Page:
Understanding the response of Alaska's ecosystems to a changing climate to support resource managers and sustainable communities


a group of people poses for a photo

Attendees from the 2019 CASC Network Meeting in Tuscon.

From the cool boreal forest of Alaska to the hot desert of Arizona– representatives from the CASC network traveled to Tucson, Arizona for the 2019 CASC Network Meeting last week.

people at a table

Ryan Toohey works with participants on an exercise connecting climate impacts across the landscape.

AK CASC’s Ryan Toohey, Jeremy Littell, and Malinda Chase will travel to communities participating in the Looking Forward, Looking Back workshop.

Update 07/27/2018

We were up in the basin on Monday and Tuesday to survey points, fly the drone and recover some of our instruments. Unfortunately, the two backup gages are covered by several meters of ice. We still hope to get them back by the end of the season. There is a lot of ice perched high up in the basin, probably related to the disintegration of the floating tongue, which produced a lot of freely moving ice.

Photo of glacial water in Suicide Basin field site.

Photo from field site visit on July 17th, 2018.

Site visit 07/17/2018

We visited Suicide Basin earlier tonight (4:00 until 7:30 pm). The water flow over the dam diminished during that time while the water level in the lake started dropping noticeably. The drop is also visible in the timelapse feature tracking.

Photo of the water level of Suicide Basin from July 16th, 2018 site visit.

Photo from field site visit on July 16th, 2018.

Site flyover 07/16/2018

Suicide Basin started spilling over this morning and the water elevation appears to have reached temporary steady state between 3:00 and 6:00 pm today.

We flew over the site this afternoon. Some of my photos below. Water level according to our imagery was at ~442 m, about 0.5 m higher than the lowest point in the dam.

orthoimage including elevation contours of Suicide Basin

Fig. 1. Orthoimage from 07/12/2018 including elevation contours. Lake level at 5:50 pm was approximately 438.5 m The lowest point of the dam has an elevation of 441.5 m.

Water level at 5:50 pm: ~438.5 m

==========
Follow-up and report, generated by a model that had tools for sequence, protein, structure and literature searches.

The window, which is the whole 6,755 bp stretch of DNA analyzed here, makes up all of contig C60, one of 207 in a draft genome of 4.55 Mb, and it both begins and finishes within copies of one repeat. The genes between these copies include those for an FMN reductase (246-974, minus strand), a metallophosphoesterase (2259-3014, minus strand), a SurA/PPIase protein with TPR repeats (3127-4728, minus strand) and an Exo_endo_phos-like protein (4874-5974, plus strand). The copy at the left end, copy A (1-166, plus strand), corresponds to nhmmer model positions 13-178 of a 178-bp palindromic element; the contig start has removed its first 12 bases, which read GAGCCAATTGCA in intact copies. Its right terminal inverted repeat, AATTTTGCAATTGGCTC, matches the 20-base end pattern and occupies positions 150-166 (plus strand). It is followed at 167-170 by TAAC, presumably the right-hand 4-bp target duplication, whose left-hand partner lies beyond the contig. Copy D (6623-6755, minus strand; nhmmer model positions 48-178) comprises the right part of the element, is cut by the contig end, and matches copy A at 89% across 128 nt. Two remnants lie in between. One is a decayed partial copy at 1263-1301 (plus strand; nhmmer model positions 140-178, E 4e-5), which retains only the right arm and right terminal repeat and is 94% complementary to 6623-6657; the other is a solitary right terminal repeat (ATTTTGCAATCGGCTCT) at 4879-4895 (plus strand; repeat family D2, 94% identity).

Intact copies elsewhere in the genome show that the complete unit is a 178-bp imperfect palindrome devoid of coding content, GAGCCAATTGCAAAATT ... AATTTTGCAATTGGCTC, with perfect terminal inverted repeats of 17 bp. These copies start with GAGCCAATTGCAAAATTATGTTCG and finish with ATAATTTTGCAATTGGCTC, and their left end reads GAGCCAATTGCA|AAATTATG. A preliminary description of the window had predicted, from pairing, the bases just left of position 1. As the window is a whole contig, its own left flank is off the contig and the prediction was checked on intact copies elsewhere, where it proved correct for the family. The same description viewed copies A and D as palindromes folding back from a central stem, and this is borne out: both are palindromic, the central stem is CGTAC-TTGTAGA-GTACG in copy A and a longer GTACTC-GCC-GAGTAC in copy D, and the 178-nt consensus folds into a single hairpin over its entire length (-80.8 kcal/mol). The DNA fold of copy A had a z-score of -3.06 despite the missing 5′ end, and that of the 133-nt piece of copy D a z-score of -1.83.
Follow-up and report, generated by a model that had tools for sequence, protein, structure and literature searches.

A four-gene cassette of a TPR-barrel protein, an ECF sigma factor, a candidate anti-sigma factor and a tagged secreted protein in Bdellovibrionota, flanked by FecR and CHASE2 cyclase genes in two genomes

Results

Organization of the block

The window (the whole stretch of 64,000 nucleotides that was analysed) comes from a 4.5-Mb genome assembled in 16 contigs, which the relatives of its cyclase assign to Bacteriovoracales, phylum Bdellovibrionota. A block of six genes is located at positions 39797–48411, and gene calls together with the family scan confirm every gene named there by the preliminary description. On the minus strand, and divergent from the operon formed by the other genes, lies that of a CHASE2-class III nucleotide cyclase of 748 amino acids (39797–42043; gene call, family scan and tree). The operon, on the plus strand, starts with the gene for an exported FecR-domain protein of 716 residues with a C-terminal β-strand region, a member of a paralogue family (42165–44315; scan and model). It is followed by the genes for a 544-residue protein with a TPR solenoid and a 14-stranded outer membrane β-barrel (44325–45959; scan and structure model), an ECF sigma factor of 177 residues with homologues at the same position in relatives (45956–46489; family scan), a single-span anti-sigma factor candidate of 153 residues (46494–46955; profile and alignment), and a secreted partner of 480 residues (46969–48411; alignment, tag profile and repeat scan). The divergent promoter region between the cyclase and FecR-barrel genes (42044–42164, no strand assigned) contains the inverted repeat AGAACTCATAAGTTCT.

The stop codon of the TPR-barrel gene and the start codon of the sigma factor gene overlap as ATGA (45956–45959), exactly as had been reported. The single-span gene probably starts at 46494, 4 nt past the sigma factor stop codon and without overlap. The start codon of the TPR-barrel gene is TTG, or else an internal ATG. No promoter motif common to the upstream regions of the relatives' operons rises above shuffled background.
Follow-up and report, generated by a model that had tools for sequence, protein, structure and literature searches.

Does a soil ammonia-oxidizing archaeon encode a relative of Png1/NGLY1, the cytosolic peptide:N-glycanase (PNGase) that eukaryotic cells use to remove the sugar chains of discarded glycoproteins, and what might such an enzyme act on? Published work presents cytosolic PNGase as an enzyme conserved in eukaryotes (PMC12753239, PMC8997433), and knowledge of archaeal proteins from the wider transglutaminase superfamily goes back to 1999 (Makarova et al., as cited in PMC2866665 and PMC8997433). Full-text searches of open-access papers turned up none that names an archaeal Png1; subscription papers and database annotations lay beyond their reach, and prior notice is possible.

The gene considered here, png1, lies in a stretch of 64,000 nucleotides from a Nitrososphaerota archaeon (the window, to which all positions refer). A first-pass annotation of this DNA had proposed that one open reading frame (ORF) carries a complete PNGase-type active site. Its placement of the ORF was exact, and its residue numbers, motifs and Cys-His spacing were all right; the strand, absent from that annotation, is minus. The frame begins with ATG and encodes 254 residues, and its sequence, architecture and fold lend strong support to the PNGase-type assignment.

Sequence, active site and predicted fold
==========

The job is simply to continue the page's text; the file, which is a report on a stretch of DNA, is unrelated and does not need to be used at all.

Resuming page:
Water level increase 3:30 pm – 5:50 pm: 9 cm (equivalent to 0.93 m / day)

Lowest point of dam: ~ 441.5 m

As of last night, there was a 3 m difference between the water level elevation and the elevation of the lowest point of the dam (Figures 1, 2). At the current rate of water level increase, the lake would start spilling over between Sunday evening and Monday morning. While the water level increase slowed down last night (cold, no rain), warm temperatures today and rain on Saturday/Sunday may reverse this trend again.

photo of the water level of Suicide Basin

Figure one from field site visit on July 10th, 2018.

Current situation

As of 6:00 pm today, the water level in Suicide Basin was still rising. According to our estimates, current water volumes in Suicide Basin are in the ballpark of the 2016 flood. Today at noon, the median of our Monte Carlo simulations yielded 0.0325 km3, while the volume of the 2016 flood was approximately 0.035 km3.

ice from a glacier in a basin

Photo from site visit on July 24th, 2019

We completed our post-drainage site visit on 24 July, roughly one week after completion of the lake drainage. We surveyed the basin with the drone, measured ice melt at the melt wires, and also installed a new melt wire up on Suicide Glacier. This new melt wire at 950 m above sea level complements the temperature sensor deployed next to Suicide Glacier and allows for a melt model calibration across the entire Suicide Basin watershed.    

View across the overflowing portion of the lake. The water runs along the glacier boundary towards Mendenhall Lake visible in the far distance.

View across the overflowing portion of the lake. The water runs along the glacier boundary towards Mendenhall Lake visible in the far distance. Photo by Christian Kienholz.

As smoke from distant wildfires clouds the skies above Southeast Alaska, Juneau residents have a much closer hazard on their minds. Warm weather sped up water collection in Suicide Basin, a glacier-dammed lake adjoining Mendenhall Glacier that has generated outburst floods regularly over the last decade. On Sunday, July 7th, the basin water level reached a point where it began to overtop the Mendenhall Glacier ice dam, flowing along the side of the glacier towards Mendenhall Lake. Almost one week later, on July 13th, the basin began draining beneath the glacier.

ice from a glacier in a basin

Photo from site visit on July 8th, 2019

The lake started overtopping the dam on Sunday 7 July in the morning and reached its maximum level shortly thereafter. The water level in the basin has been slowly dropping since due to erosion of the overflowing water at the ice dam. Subglacial drainage has not begun as of Monday afternoon. In 2018, the lake started draining subglacially within ~24 hours of dam overtopping. The timeline will be different this season, however, accurate predictions are not possible. We suspect subglacial drainage will happen within the next few days.


a glacier-filled basin

A paper published last week in Frontiers in Earth Science explores the evolving dynamics of Suicide Basin, a glacier-dammed lake in Juneau that releases annual outburst floods.

AK CASC on Twitter

Research Highlight

Eran Hood is an Associate Professor at the University of Alaska Southeast (UAS) where he teaches undergraduate courses in environmental science, hydrology, and biogeochemistry. We talked about some of his projects and the upcoming field season.

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